Ariel Chu is a Taiwanese American writer from Eastvale, California. She is the daughter of an engineer-turned-acupuncturist and a Chinese teacher-turned-real estate broker, both of whom sacrificed their passions to support their family in the United States. Today, Ariel writes stories about intersecting identities, everyday power differentials, and what it means to have “authentic” relationships given competing cultural influences.
Ariel pursued an undergraduate degree in English at Williams College, studying abroad at Oxford University for a year. In the summer of 2016, Ariel received a Robert G. Wilmers, Jr. 1990 Memorial Travel Fellowship to conduct literary research in Reykjavík, Iceland. In 2017, Ariel graduated with highest honors and the title of Class Poet. She was also awarded the Hubbard Hutchinson Class of 1917 Memorial Fellowship for excellence in creative writing.
In 2020, Ariel graduated from the Syracuse University Creative Writing MFA program, where she served as an editor in chief of Salt Hill Journal and won the Shirley Jackson Prize in Fiction. From 2020 to 2021, Ariel studied contemporary queer Taiwanese literature as a Luce Scholar in Taipei. Ariel’s work can be found in The Common, The Masters Review, The Sonora Review, and more, and her fiction has been nominated for a Pushcart Prize, Best Small Fictions, and the Best of the Net Awards.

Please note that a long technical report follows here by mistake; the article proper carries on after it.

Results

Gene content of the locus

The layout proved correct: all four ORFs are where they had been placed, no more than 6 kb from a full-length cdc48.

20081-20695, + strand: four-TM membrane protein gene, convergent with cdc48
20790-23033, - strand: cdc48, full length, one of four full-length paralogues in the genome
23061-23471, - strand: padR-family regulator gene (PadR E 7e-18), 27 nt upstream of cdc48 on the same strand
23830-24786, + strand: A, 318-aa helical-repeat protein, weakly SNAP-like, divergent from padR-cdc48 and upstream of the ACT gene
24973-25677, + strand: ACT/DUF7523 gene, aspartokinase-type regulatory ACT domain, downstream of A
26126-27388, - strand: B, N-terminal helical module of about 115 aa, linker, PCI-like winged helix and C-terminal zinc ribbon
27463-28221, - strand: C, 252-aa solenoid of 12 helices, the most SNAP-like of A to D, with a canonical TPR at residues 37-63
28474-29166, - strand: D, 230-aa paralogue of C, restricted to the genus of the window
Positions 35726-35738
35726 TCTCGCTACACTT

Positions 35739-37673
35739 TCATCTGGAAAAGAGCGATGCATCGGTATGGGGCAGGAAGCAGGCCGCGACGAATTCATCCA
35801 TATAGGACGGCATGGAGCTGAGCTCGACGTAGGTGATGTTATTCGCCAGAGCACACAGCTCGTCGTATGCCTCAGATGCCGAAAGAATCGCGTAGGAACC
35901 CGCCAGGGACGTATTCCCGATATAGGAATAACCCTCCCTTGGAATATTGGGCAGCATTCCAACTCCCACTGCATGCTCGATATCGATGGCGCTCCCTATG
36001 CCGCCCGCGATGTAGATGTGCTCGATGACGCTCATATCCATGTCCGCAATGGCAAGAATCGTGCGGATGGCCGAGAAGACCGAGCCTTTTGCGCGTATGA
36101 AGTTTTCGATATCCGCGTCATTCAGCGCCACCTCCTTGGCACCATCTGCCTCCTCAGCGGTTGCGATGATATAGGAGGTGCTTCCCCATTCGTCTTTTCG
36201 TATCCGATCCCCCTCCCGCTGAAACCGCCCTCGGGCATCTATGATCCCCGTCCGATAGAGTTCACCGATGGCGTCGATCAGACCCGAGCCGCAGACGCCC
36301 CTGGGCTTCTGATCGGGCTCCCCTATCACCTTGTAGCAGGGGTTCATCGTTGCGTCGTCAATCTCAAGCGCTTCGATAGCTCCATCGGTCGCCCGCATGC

Ariel is currently an incoming first-year PhD Candidate at the University of Southern California, where she will study Creative Writing and Literature. She is currently working on a short story collection and novel with the support of a 2021 Steinbeck Fellowship. An aspiring creative writing professor, Ariel hopes to aid young writers in articulating and challenging their identities. Visit her at ariel-chu.com.